On 28th April four candidates for the Presidency of the European Commission faced off in a debate in Maastricht. Martin Schulz, Ska Keller, Guy Verhofstadt and Jean-Claude Juncker struggled with topics on economy, euroscepticism and the EU foreign policy. They were confronted with questions raised by the audience which was mostly made up of young students. For other EU citizens that were not present, they were also given a chance to post their questions on Twitter. Some of their concerns were later addressed in the debate.
The candidates were first asked about the economy and youth unemployment. Schulz touched upon problems faced by companies in countries with high unemployment rates. He proposed a micro-credit program led by the EU to support small and medium enterprises. In Verhofstadt’s opinion, actions taken so far were not enough to mitigate consequences of the economic crisis. He mentioned further European market integration as ’an engine for growth’. Nonetheless, he made clear that by more integrated EU he neither suggested building a “superstate” nor increase in bureaucracy, but rather opted for a less integrated market and more common policies within the EU. Keller reminded of the importance of green economy development, education and fighting climate change. She emphasized the need for investment in green technologies, renewables and energy efficiency in order to create more jobs in these sectors. Juncker stated his support towards solid public finances. He also suggested enlargement of the digital market and reinforcement of the services sector.
Schulz and Juncker shared their opinions about Eurobonds. Juncker clarified that although he was in favour of the idea, certain preconditions have to be put into place in order to make it applicable, such as stronger coordination of economic policies and tighter control over national budgets. Schulz argued that the proposal of Eurobonds does not have the support of majority of Europeans.
The candidates were asked about the capability of the European Commission to carry out its proposals knowing that the real power lies with the European Council. Juncker emphasized that the power belongs to the people and the European Council is composed of representatives of democratically elected governments. In Verhofstadt’s opinion, the Commission should more effectively use power to lead and initiate legislative proposals. He also clearly stated that it is not acceptable if the European Council decides to nominate any other candidate than one of those who were present on the stage.
The discussion then continued with euroscepticism and the rise of populist parties in Europe. Schulz said that movements inciting hatred, xenophobia and scapegoat policies never propose real solutions to problems. He worried that if EU citizens do not take the European elections seriously, the chance for radical groups to enter the European Parliament will likely be increased. Verhofstadt supported this argument and added that retreating to national borders is not a panacea for all the EU’s problems, which instead should be handled on the European level. He also argued that criticism should be directed at solutions proposed by eurosceptics, not the problems they address. Keller pointed to the danger of centre-right parties following the slogans of the far right groups. She argued that eurosceptics are not necessarily against the EU, but most of them just strive for changes. Juncker expressed his disapproval of any kind of extremism and mentioned the difference between those who criticize and those who are anyway against European integration. The candidates presented similar opinions on immigration policies, stressing the importance of the system of legal immigration, responsibility sharing between member states and protection for asylum-seekers.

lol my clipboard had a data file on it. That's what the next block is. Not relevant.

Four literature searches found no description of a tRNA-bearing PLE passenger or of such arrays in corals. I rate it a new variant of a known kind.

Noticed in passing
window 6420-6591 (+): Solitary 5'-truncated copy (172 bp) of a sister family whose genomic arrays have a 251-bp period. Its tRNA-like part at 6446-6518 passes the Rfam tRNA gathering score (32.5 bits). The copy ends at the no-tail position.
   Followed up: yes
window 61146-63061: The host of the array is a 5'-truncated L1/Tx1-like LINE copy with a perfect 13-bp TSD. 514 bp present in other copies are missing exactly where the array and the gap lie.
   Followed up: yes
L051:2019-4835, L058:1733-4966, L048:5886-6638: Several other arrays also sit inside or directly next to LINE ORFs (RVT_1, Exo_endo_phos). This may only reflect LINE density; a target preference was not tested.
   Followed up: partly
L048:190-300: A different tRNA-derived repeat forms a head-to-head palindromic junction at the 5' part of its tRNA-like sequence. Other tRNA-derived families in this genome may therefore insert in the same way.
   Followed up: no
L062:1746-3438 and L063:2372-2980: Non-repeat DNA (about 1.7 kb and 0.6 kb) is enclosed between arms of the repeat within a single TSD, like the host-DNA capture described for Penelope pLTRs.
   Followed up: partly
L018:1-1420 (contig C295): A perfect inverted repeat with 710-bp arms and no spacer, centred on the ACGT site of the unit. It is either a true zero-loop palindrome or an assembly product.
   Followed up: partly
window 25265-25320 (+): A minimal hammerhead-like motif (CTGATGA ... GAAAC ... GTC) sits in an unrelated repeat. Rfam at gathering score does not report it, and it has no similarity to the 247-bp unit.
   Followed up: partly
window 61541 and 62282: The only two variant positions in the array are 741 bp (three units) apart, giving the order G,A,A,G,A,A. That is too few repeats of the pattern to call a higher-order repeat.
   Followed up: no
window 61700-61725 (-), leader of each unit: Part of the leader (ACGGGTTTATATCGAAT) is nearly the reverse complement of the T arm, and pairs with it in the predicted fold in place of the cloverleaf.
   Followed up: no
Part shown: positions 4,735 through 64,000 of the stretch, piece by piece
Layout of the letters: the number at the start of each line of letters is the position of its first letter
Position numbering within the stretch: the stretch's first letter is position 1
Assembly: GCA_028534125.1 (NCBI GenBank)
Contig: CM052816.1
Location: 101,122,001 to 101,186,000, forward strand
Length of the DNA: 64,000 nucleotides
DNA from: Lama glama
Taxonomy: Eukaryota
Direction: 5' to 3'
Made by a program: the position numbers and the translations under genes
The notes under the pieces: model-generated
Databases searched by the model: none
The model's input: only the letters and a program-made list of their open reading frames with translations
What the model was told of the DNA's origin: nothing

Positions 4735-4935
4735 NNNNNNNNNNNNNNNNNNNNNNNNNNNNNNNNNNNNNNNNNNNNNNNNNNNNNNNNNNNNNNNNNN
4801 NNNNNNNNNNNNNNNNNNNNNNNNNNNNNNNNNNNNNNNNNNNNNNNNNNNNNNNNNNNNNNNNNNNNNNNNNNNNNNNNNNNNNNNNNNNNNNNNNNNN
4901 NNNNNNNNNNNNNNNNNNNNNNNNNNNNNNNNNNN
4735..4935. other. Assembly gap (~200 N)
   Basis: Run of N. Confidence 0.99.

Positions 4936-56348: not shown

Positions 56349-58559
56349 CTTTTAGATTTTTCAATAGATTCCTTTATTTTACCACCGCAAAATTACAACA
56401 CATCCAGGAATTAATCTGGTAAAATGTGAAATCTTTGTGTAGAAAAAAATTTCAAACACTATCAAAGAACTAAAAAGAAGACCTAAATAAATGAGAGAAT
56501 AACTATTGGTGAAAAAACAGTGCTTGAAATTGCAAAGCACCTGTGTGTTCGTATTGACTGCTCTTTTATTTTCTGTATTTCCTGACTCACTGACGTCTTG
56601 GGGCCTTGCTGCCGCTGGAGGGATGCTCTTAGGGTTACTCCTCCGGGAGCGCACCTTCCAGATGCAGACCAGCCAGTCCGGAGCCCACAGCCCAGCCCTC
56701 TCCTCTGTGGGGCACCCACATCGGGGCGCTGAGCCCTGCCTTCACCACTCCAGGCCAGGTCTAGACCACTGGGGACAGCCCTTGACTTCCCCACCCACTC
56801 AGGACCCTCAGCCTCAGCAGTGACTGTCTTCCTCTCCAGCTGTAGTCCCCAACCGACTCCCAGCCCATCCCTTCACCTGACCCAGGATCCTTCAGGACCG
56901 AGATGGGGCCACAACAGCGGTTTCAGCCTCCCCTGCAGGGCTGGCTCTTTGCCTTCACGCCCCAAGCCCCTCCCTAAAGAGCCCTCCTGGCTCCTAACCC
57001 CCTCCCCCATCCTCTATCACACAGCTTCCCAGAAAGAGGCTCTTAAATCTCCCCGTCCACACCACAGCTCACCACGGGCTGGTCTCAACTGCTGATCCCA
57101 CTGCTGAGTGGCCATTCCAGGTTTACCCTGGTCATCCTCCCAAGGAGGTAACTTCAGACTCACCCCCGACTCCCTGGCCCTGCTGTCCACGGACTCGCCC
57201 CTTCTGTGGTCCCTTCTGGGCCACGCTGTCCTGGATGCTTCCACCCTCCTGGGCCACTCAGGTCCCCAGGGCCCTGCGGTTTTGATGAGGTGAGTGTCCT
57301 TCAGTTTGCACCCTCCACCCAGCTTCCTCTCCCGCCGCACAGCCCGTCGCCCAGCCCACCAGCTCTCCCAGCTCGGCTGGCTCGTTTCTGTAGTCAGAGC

Questions on the EU foreign policy concentrated on the situation in Ukraine and Europe’s dependency on Russian energy supplies. In Juncker’s opinion, the EU has to defend European values and use soft power to put pressure on Russia. Ukraine has to undertake essential reforms to fight corruption and restore the rule of law. Europe’s energy supply should come from different sources in order to avoid political dependency on Russia. In the opinion of Schulz, the first priority is to support the unity of the country. He also referred to mutual interests of the European Union and Russia as potential base for diplomatic solution to the conflict. Verhofstadt insisted that the EU has to augment sanctions and give a clear signal of opposition to Russian interference in Ukraine. Keller opted for seeking peaceful solution which should be based on dialogue, but not on the rhetoric of the Cold War. Moreover, she argued that the dependency on Russia can be reduced by investment in renewable energy.
In closing remarks Juncker stressed that he would like to fight against divisions in Europe, concentrate on main objectives of policy making and propose concrete solutions. Schulz put the emphasis on bringing back justice and fairness, as well as shifting the focus from banks and speculators to ordinary citizens. Verhofstadt said that the EU needs new leadership different from conservative and socialist camps. Keller would like to see Europe more caring and responsive to its citizens.
References & further reading:
EurActiv “EU Commission candidates show their ‘faces’”
EURO News “Rivals for Brussels top job mark out territory live on euronews”
BBC “European elections: Rivals for EU Commission president”